Week 13, Statistically Speaking

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A statistical snapshot of the week that was in college football…

.592 – Winning percentage of visiting teams in Pac-12 road games (29-20) this season. The six teams ranked in last week’s Associated Press Top 25 (Oregon, UCLA, Arizona State, Arizona, Utah and USC) have a combined overall road record of 23-6 (.793).

.815 — Ohio State’s winning percentage (97-22) in Big Ten play since 2000, the highest league winning percentage among all Power Five schools.  Oklahoma 99-24 is next at .805.

.933 — Career field-goal percentage for Florida State’s Robert Aguayo (42-45).  The all-time career mark, for at least 45 attempts per the 2014 FBS record book, was .900 (45-50) by Louisiana-Lafayette’s Brett Baer (2009-12). The career mark, for at least 55 attempts, is .895 (68-76) by Nebraska’s Alex Henery (2007-10).

0 — Touchbacks this season for Wake Forest punter Alex Kinal, the only player in the Top 25 in punting average who can make that claim.

1 — 400-yard passing games for Jake Waters in his career, the lone one coming in Kansas State’s win over West Virginia Thursday night (400 even).  Waters had only one previous 300-yard game, that coming in November of last year against Oklahoma (348).

Ohio State v Maryland
Brad Craddock

1 — Kickers at the FBS level who have yet to miss a field goal attempt (minimum eight attempts) this season: Maryland’s Brad Craddock (17-17).  Craddock has made 23 straight attempts dating back to 2013, the longest current streak at the FBS level and third-longest in Big Ten history.

1.2 — Yards per play Savannah State averaged in its 64-0 loss to BYU.  The Cougars limited the Tigers to 40 yards passing on 28 attempts and 23 yards rushing on the same number of attempts.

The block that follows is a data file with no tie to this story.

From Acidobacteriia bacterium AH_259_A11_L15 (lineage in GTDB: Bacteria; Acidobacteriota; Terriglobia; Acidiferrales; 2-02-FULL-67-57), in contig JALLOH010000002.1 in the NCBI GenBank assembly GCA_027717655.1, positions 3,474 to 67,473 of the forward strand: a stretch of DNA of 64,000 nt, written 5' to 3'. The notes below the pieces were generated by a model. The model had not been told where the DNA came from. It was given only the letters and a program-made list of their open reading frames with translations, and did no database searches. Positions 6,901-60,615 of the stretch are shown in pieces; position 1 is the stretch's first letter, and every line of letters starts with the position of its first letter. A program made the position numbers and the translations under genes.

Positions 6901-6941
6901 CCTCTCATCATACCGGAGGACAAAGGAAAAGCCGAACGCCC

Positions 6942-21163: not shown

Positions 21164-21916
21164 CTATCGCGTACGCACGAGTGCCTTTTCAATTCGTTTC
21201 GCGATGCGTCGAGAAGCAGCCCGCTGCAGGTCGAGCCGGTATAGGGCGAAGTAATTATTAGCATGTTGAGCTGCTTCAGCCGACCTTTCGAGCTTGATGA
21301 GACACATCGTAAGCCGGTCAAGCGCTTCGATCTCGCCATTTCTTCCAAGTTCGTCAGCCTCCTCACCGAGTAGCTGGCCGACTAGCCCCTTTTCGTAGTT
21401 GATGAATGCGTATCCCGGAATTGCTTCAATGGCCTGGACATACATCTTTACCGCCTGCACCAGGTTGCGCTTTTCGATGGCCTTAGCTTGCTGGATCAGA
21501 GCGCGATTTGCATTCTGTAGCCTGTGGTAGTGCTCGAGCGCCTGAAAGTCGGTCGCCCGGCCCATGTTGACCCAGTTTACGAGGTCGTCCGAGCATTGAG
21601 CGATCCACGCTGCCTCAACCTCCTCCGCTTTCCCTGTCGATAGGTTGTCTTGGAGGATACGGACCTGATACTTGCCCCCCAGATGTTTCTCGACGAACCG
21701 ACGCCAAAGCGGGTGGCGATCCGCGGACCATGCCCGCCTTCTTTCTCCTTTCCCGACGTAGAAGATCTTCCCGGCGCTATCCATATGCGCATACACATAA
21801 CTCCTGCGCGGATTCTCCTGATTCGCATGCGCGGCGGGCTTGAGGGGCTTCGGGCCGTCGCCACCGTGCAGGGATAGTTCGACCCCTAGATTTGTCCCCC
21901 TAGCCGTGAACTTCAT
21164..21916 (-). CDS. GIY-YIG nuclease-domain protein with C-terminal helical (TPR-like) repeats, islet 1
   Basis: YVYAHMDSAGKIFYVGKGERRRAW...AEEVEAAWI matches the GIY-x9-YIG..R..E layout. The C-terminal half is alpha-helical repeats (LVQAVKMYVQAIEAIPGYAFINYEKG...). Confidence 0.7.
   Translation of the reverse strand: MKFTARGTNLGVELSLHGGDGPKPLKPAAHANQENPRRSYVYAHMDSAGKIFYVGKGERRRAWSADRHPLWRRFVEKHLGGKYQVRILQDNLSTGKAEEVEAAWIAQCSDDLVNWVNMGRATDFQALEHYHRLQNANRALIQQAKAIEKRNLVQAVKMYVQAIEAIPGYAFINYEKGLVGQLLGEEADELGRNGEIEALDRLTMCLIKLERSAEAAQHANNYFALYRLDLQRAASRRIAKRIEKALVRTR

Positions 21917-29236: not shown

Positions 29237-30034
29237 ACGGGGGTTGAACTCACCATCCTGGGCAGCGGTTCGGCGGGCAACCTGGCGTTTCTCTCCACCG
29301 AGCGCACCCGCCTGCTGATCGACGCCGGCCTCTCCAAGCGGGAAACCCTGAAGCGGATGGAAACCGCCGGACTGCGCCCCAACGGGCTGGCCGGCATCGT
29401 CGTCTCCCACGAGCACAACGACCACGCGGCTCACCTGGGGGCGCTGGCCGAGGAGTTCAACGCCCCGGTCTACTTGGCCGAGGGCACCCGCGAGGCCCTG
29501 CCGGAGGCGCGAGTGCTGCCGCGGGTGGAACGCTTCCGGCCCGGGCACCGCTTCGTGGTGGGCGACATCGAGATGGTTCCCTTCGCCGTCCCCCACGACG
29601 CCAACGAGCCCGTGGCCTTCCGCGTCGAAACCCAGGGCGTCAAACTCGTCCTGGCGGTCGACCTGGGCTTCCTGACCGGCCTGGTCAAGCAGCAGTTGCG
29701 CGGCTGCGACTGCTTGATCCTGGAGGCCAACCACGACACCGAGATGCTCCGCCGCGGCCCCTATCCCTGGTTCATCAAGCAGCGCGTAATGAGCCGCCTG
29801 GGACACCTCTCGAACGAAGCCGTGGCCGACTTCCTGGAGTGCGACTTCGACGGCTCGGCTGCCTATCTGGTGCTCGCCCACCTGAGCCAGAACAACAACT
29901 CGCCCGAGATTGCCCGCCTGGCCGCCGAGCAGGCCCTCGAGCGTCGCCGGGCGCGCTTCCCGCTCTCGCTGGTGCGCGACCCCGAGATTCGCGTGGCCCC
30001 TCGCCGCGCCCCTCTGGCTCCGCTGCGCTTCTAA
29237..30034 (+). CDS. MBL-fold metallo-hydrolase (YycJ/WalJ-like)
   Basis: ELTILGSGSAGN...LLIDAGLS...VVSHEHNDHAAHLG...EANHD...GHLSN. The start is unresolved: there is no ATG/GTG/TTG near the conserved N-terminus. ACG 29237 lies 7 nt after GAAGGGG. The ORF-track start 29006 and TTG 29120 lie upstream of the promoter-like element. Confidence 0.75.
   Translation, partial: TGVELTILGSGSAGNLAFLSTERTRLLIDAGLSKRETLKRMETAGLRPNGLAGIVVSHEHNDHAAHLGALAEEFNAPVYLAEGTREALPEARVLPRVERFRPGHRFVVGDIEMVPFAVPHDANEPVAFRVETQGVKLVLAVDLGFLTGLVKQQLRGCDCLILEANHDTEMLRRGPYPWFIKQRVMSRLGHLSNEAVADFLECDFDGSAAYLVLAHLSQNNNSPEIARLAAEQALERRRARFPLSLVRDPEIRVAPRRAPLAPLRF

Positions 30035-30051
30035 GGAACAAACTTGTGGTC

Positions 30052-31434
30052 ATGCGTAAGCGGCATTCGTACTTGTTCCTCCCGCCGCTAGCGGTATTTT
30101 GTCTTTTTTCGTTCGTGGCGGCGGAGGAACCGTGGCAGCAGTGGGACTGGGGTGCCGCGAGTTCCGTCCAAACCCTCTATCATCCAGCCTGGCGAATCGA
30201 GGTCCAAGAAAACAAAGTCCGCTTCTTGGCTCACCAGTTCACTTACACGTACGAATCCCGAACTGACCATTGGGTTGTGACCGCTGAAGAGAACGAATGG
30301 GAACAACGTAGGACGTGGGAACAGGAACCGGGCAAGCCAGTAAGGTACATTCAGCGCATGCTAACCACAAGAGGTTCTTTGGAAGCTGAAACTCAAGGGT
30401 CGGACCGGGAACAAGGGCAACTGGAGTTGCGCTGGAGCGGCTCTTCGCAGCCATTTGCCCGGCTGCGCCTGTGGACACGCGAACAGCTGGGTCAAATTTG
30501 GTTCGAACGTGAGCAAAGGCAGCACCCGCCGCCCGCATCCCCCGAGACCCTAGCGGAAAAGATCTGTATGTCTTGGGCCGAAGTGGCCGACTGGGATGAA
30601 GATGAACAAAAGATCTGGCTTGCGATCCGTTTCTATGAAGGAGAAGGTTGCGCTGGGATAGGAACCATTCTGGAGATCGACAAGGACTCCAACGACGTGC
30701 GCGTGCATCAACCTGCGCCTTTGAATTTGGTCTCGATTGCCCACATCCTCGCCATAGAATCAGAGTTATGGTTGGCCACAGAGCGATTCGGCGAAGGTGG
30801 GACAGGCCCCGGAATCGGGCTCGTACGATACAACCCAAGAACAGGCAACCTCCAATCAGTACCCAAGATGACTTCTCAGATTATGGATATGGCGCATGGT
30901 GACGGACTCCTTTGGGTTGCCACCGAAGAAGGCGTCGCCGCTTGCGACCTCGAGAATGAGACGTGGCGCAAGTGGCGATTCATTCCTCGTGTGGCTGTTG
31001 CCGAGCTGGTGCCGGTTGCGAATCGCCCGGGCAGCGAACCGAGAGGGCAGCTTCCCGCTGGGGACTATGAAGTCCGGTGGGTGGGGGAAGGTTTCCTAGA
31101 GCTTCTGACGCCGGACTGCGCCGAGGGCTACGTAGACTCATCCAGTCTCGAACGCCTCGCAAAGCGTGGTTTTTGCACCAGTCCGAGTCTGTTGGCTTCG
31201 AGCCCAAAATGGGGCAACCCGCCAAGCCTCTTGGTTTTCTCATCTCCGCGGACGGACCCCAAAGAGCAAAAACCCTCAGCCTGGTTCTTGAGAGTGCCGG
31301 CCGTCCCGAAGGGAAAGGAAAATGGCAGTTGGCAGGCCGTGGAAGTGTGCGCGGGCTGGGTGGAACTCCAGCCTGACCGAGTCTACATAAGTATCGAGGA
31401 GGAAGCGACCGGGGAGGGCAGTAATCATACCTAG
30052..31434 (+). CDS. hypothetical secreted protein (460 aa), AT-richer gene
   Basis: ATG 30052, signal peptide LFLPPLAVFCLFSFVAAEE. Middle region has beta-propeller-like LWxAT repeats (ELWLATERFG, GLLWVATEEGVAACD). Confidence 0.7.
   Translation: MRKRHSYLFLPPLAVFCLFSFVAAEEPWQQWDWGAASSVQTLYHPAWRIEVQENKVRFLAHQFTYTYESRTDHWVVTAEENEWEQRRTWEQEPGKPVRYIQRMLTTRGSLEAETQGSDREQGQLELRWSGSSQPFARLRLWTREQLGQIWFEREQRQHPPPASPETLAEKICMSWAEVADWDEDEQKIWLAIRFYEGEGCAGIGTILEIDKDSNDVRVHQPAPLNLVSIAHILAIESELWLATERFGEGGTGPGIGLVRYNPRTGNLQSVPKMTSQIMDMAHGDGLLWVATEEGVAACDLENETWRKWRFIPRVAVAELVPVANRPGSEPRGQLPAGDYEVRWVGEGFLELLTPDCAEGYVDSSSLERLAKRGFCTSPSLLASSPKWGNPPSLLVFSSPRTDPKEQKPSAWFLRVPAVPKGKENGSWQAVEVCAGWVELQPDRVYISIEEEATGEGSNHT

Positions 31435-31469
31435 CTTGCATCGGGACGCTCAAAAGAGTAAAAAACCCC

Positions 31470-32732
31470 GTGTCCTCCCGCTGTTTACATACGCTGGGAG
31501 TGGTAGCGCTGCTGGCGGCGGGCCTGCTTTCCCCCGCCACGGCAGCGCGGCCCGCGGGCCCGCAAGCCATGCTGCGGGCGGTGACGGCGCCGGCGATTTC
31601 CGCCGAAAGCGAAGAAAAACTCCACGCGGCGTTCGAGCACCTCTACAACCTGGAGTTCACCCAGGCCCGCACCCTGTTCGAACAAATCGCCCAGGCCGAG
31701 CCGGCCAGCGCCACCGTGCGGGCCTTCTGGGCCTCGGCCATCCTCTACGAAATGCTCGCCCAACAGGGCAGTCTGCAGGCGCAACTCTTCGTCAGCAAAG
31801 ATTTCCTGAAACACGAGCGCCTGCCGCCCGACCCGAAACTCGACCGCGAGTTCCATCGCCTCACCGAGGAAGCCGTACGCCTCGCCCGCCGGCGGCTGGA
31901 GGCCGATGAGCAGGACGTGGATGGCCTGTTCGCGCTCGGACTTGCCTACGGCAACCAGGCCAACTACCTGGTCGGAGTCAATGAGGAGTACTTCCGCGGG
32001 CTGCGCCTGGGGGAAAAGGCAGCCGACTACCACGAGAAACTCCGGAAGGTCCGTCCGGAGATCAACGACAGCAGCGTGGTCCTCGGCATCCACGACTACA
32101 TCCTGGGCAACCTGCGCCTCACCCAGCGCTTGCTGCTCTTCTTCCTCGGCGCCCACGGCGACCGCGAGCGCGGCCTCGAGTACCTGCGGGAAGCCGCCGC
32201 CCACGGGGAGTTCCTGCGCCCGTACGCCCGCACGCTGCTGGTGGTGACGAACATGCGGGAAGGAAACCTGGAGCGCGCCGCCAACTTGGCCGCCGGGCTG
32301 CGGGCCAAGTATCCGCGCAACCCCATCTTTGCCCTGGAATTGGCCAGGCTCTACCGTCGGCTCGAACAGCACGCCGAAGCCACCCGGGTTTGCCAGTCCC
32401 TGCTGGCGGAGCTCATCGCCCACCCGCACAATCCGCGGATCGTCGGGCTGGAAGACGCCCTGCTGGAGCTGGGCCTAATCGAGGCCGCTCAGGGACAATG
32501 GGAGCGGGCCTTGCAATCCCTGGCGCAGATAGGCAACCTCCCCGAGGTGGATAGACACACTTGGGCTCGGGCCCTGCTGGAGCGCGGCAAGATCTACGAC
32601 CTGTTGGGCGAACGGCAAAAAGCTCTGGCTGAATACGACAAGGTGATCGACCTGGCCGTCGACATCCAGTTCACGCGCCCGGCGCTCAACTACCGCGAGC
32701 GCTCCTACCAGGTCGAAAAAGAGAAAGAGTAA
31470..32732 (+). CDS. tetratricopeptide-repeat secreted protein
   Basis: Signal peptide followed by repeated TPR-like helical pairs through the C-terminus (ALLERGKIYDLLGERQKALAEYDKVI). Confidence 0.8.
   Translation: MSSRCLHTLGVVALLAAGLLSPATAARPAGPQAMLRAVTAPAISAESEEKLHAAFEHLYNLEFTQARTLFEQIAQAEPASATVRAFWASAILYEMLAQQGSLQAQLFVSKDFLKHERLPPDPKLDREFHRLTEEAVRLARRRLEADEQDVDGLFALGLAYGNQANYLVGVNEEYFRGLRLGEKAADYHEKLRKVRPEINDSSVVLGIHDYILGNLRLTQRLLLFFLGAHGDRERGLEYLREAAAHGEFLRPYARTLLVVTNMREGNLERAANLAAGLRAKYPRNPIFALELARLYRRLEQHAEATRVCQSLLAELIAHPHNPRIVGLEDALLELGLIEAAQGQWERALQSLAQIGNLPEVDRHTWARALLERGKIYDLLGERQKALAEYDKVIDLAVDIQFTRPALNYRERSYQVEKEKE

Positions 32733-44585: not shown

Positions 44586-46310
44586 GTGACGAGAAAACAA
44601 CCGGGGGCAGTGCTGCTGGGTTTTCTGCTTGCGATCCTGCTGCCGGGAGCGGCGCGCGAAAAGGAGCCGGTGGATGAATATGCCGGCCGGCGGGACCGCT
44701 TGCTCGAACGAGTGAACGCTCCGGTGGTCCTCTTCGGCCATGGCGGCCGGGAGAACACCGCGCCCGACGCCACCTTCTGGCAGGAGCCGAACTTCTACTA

4 — FBS teams currently undefeated in conference play:

Florida State (ACC, 8-0)
Georgia Southern (Sun Belt, 7-0)
Marshall (Conference USA, 7-0)
Ohio State (Big Ten, 7-0)

5 — Consecutive games Auburn allowed 30 or more points prior to playing Samford, the first time that’s ever happened in the history of the football program.

5 — Number of undefeated home seasons in the history of Utah State football: 1968 (4-0), 1972 (5-0), 1982 (4-0), 2012 (6-0) and 2014 (6-0).

6 — Total touchdowns (five rushing, one receiving) for Colorado State’s Dee Hart in a win over New Mexico, the second-highest single-game total in Mountain West History.

10 — Consecutive road wins for Missouri, breaking the school record originally set between 1978-80.  Mizzou’s last road loss came in the 2012 regular-season finale against Texas A&M.

10.9 — Yards per carry Nick Wilson averaged in setting a career-high with 218 yards in Arizona’s 42-10 thumping of Utah.

USC v Washington State
Juju Smith

17 — USC wide receiver JuJu Smith‘s age prior to Saturday.  The true freshman is currently second on the Trojans in receptions 46, receiving yards 610 and receiving touchdowns five.

22 — Rushing touchdowns this season for Pittsburgh’s James Conner, breaking the ACC record of 21 set by Virginia Tech’s Ryan Williams in 2009 and tying the school record of 22 set by Tony Dorsett during his Heisman-winning season in 1976.

26 — Consecutive Big 12 road games Kansas has lost, with the last conference win away from Lawrence coming in early October of 2008 against Iowa State in Ames (35-33).  It’s last double-digit conference road win came in 2007 against Oklahoma State in Stillwater (43-28).

27 — Regulation possessions in the Virginia Tech-Wake Forest that didn’t result in points, sending an FBS game into overtime in a scoreless tie for the first time in nearly a decade.  18 of those possessions ended in punts; four in turnovers (two fumbles, two interceptions); three in missed field goals; and two at the end of halves.

30 — Years since Wake Forest had beaten Virginia Tech before winning 6-3 in overtime Saturday.

40 — Wins for Clemson’s 2014 seniors, tied with 1990 for the most wins ever by one class in school history.